PubDate: 2016-04-14T00:00:00-05:00
       
  • “En el vórtice de la enajenación”: Nicolás
           Guillén Landrián y la implosión del documental
           científico-popular cubano de los 60
    • Abstract: <p></p> No tengo conflictos estéticos con ninguno de mis filmes. Todos los conflictos estéticos son resultado de los conflictos conceptuales. Yo quería ser un intérprete de la realidad. Siempre estuve en el vórtice de la enajenación. El resultado cabal es cada filme terminado.Cineasta, artista, poeta, locutor radial y, tras su caída en desgracia, albañil, guarda parques y barrendero, Nicolás Guillén Landrián (n. Camagüey, 1938; f. Miami, 2003) fue durante décadas el cineasta maldito del Instituto Cubano del Arte e Industria Cinematográficos (ICAIC). A pesar de haber realizado algunos de los cortometrajes más innovadores de la historia del instituto, su vida y su obra, silenciadas por la historia oficial, estuvieron ... <a href="http://muse.jhu.edu/article/580331">Read More</a>
      PubDate: 2016-04-14T00:00:00-05:00
       
  • Hispanic Folk Music of New Mexico and the Southwest: A Self-Portrait of a
           People by John Donald Robb (review)
    • Abstract: <p></p> This extensive volume is a compilation of transcribed folk music drawn in large part from the northern New Mexico region, but includes versions of folk songs from Mexico, Spain, and the American Southwest. As such the songs date from the Spain of pre-Conquest days through the twentieth century. It is a re-release of a collection first published in 1980 of various folk songs collected by John Donald Robb over a thirty-five-year period as he traveled from town to town throughout northern New Mexico, diligently recording the folk songs sung by myriad local and regional singers. To access the songs he recorded, one can now go online to the website of the Center for Southwest Research at the University of New Mexico’s ... <a href="http://muse.jhu.edu/article/580331">Read More</a>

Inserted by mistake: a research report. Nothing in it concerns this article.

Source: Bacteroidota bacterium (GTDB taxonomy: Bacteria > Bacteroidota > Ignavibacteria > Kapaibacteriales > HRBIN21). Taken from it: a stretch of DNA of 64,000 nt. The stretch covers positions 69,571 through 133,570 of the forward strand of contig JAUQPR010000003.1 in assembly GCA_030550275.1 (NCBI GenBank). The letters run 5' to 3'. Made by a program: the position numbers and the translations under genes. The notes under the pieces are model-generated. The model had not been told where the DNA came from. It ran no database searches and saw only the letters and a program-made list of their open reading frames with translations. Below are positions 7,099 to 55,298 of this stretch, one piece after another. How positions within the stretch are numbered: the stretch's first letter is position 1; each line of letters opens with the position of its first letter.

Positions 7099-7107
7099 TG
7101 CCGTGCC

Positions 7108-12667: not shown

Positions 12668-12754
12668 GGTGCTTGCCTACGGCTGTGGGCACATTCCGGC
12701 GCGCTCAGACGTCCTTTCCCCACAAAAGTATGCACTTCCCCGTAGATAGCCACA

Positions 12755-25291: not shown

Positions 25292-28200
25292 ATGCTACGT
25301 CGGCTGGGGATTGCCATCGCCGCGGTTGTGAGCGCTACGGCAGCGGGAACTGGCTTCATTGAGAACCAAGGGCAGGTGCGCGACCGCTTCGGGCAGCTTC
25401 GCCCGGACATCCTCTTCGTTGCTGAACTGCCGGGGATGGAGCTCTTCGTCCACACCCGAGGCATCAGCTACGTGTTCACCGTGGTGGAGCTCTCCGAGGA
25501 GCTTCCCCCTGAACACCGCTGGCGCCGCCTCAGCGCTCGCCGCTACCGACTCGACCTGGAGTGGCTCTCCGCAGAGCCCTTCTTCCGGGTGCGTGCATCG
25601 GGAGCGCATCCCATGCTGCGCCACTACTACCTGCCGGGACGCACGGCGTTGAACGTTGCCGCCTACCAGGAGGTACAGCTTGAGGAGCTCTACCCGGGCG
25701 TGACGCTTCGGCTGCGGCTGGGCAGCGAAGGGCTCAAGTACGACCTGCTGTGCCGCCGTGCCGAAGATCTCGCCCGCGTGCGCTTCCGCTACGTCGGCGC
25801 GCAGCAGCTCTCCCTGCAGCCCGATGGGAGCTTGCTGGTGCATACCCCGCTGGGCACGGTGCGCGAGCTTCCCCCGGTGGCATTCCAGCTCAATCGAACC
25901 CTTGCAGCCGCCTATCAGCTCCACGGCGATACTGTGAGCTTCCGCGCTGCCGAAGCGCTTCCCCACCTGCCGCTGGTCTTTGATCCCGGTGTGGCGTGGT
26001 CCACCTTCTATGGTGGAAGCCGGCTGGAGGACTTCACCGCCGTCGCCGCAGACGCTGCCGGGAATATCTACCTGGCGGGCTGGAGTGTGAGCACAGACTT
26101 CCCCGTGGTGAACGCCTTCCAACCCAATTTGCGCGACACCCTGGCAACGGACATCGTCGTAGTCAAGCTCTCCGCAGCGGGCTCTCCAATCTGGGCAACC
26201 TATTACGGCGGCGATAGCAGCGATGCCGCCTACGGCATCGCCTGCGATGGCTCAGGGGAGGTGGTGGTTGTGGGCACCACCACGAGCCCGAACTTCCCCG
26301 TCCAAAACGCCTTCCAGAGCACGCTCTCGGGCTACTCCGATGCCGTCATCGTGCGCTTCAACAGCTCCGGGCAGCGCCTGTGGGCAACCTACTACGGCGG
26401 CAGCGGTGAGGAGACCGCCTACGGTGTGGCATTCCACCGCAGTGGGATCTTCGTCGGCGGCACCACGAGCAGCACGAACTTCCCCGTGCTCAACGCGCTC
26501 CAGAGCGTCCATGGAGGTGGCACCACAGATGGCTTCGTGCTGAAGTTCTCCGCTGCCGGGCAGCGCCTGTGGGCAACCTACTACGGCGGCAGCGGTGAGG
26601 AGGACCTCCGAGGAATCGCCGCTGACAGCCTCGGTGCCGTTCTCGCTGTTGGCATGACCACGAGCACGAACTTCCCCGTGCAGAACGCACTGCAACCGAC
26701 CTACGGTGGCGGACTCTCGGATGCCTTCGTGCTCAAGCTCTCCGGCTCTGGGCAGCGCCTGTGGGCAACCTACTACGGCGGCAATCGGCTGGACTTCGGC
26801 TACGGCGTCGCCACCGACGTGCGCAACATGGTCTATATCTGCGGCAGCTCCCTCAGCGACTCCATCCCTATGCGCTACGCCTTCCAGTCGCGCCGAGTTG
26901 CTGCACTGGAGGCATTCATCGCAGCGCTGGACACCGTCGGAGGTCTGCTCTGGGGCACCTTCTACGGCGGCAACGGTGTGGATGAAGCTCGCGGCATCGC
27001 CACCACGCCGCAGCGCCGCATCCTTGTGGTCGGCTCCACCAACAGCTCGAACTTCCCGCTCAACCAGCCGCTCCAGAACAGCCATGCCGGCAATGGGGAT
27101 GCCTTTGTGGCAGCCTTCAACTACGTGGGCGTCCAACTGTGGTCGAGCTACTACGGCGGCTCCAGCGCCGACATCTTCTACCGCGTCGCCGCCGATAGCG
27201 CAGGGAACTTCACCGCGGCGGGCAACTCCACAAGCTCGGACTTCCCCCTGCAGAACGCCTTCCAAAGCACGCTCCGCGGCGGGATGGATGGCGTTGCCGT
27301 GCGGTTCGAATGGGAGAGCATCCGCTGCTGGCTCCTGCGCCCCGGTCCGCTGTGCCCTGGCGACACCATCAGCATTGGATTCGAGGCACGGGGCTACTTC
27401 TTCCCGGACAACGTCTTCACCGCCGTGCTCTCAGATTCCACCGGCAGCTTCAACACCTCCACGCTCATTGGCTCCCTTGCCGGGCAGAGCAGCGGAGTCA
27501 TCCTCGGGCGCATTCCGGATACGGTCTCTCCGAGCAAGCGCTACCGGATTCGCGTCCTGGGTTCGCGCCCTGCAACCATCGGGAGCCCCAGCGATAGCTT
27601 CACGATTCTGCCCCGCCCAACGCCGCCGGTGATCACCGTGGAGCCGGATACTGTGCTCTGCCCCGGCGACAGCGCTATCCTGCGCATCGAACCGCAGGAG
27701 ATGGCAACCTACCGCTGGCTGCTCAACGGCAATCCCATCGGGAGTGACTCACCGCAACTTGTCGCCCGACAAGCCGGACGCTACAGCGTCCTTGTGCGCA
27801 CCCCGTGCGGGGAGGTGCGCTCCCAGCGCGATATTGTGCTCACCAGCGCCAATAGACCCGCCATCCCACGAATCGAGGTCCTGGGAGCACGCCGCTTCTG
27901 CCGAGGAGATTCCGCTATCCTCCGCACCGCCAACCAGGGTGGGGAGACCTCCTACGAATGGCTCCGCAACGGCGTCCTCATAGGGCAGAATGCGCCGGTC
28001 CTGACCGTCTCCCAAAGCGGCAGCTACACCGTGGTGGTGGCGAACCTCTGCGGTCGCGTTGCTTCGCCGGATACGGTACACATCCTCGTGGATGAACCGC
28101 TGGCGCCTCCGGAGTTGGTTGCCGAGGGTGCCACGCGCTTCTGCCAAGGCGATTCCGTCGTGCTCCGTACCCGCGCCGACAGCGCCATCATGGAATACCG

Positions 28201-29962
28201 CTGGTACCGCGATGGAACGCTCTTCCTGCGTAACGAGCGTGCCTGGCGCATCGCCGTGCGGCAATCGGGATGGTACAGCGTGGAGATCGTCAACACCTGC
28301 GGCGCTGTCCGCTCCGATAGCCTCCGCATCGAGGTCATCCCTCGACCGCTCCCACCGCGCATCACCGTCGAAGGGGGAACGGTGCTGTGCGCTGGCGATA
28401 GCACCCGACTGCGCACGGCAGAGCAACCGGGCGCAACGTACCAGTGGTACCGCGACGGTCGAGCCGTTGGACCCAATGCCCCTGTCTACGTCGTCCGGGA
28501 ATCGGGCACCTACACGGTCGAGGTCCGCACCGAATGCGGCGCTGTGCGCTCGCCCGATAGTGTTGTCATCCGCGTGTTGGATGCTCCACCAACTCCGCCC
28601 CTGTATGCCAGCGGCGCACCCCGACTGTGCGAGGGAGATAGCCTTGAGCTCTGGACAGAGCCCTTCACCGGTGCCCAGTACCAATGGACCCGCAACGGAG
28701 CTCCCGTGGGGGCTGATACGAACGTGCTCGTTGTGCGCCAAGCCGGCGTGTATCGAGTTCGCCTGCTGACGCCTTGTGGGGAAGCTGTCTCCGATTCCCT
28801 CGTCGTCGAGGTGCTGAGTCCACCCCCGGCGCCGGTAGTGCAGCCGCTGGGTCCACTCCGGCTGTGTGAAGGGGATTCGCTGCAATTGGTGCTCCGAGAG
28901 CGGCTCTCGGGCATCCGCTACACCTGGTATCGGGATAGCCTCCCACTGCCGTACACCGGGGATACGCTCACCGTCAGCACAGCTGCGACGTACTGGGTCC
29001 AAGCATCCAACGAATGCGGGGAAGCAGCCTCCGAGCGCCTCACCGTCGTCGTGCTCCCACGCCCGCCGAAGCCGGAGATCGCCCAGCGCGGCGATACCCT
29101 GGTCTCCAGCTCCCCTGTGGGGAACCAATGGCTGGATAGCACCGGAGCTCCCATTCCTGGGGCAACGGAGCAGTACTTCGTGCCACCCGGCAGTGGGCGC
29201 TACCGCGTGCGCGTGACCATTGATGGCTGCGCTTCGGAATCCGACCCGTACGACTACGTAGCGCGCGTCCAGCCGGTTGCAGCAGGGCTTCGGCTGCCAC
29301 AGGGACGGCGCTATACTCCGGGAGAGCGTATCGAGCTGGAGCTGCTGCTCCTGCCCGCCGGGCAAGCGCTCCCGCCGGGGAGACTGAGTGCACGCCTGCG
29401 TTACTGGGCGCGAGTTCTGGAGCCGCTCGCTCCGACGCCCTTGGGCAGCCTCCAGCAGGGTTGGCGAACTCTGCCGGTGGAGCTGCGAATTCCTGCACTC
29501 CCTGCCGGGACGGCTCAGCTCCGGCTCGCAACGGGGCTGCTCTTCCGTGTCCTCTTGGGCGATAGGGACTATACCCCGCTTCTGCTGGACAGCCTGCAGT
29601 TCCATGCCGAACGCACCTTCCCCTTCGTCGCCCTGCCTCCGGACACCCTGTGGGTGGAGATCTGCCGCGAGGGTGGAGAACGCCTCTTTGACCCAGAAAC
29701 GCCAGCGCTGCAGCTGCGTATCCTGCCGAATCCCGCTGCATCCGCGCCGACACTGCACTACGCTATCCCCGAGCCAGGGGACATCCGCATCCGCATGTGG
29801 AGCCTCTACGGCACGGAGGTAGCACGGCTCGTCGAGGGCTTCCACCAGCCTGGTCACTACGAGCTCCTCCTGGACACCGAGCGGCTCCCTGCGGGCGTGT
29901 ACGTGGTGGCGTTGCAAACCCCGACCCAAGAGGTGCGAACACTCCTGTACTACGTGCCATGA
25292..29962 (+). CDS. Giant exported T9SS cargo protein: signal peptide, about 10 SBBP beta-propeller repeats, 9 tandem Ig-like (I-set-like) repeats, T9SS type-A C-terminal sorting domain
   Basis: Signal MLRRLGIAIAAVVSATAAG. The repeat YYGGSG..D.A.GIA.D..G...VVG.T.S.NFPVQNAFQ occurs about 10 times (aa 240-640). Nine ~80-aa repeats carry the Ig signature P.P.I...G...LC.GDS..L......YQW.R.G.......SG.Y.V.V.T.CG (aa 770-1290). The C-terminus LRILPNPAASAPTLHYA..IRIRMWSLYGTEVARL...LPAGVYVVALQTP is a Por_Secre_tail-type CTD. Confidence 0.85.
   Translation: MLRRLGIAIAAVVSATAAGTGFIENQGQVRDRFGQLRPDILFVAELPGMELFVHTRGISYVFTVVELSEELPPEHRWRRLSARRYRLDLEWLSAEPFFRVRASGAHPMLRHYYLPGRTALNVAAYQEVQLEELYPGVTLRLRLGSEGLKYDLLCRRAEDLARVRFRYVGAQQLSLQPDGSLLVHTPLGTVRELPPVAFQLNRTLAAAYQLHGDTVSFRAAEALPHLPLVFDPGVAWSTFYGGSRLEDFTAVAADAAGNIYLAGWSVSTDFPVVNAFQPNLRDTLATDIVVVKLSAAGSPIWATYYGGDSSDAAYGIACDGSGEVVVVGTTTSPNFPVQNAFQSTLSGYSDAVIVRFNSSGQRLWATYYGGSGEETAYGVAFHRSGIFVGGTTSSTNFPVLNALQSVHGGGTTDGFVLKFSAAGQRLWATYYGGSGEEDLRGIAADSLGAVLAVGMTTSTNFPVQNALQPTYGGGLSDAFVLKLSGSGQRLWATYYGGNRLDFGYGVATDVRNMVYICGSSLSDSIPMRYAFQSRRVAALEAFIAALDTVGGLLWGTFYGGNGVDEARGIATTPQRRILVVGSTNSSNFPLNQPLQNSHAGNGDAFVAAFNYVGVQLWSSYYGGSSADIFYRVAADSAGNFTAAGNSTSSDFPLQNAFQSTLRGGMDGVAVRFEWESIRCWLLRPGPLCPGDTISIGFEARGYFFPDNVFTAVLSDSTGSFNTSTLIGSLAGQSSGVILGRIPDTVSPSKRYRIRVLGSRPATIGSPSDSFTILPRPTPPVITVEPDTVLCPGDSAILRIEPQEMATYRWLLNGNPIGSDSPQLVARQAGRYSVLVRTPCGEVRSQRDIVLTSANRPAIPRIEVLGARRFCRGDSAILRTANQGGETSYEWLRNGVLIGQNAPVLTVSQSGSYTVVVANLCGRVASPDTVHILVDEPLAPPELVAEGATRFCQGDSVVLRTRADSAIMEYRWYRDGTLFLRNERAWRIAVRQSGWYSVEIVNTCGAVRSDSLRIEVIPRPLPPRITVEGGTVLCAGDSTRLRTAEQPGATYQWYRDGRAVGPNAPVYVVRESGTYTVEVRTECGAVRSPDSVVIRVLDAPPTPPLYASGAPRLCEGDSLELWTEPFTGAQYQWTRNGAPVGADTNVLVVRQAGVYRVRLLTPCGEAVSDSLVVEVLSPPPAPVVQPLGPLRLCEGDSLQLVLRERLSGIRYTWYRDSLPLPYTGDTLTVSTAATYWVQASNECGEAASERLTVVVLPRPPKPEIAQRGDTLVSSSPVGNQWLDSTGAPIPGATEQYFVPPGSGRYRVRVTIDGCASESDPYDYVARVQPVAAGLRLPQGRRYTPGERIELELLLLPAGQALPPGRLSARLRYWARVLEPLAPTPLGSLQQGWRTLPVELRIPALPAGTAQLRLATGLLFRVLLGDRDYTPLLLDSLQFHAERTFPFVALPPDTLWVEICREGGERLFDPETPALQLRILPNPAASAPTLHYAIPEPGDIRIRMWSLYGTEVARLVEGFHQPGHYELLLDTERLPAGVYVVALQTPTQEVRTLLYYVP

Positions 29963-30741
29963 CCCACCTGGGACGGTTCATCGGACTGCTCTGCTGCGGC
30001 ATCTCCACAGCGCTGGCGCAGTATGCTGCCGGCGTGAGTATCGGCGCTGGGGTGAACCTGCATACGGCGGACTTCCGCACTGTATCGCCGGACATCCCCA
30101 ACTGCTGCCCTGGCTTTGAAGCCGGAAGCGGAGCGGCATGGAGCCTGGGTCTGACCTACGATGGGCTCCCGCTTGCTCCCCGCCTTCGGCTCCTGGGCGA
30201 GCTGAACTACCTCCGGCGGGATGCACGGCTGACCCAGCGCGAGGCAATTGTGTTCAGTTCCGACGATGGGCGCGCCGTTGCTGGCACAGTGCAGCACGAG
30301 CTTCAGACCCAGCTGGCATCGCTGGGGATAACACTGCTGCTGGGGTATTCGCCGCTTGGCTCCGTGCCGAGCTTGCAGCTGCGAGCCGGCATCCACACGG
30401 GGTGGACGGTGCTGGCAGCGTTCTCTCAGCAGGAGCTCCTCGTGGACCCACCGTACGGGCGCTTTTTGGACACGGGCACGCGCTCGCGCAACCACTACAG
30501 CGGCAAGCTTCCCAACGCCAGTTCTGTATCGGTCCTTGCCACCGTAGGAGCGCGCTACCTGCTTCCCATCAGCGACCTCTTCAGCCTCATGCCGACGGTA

PubDate: 2016-04-14T00:00:00-05:00
       
  • Brazilian Women’s Filmmaking: From Dictatorship to Democracy by
           Leslie L. Marsh (review)
    • Abstract: <p></p> Leslie L. Marsh opens the introduction to Brazilian Women’s Filmmaking: From Dictatorship to Democracy by recalling the inauguration of Brazil’s first woman president, Dilma Rousseff, who took office January 1, 2011. This opening is relevant in the context of her discussion of Brazilian women’s work with film in Brazil and the obstacles and difficulties women have faced in their struggles to be part of the artistic and political scene in Brazil in the last five decades. As Marsh writes, President Rousseff has supported women in all areas of public life, bringing “attention to women’s contributions to the arts” (2) and giving “a nod to the increasing number of women in the Brazilian film industry, setting aside a ... <a href="http://muse.jhu.edu/article/580331">Read More</a>
      PubDate: 2016-04-14T00:00:00-05:00
       
  • Shaping the Motherhood of Indigenous Mexico by Vania Smith-Oka (review)
    • Abstract: <p></p> Importantly, Smith-Oka immediately discloses her Mexican nationality and middle-class background, adding legitimacy to the study. Amatlán’s inhabitants perceive her as an outsider even though she embodies the qualities of mexicanidad Mexican public policy promotes in rural villages. Mexicanidad embraces a cultural mestizo heritage, while also espousing Western ideals of modernity. However, Smith-Oka clarifies that this unifying national identity is an “illusion” if one accounts for Mexico’s culturally diverse populations. Amatlán, situated in northern Veracruz’s sparsely populated Huasteca region, exists, physically and culturally, in the periphery, and its remoteness contributes to romantic or exotic depictions ... <a href="http://muse.jhu.edu/article/580331">Read More</a>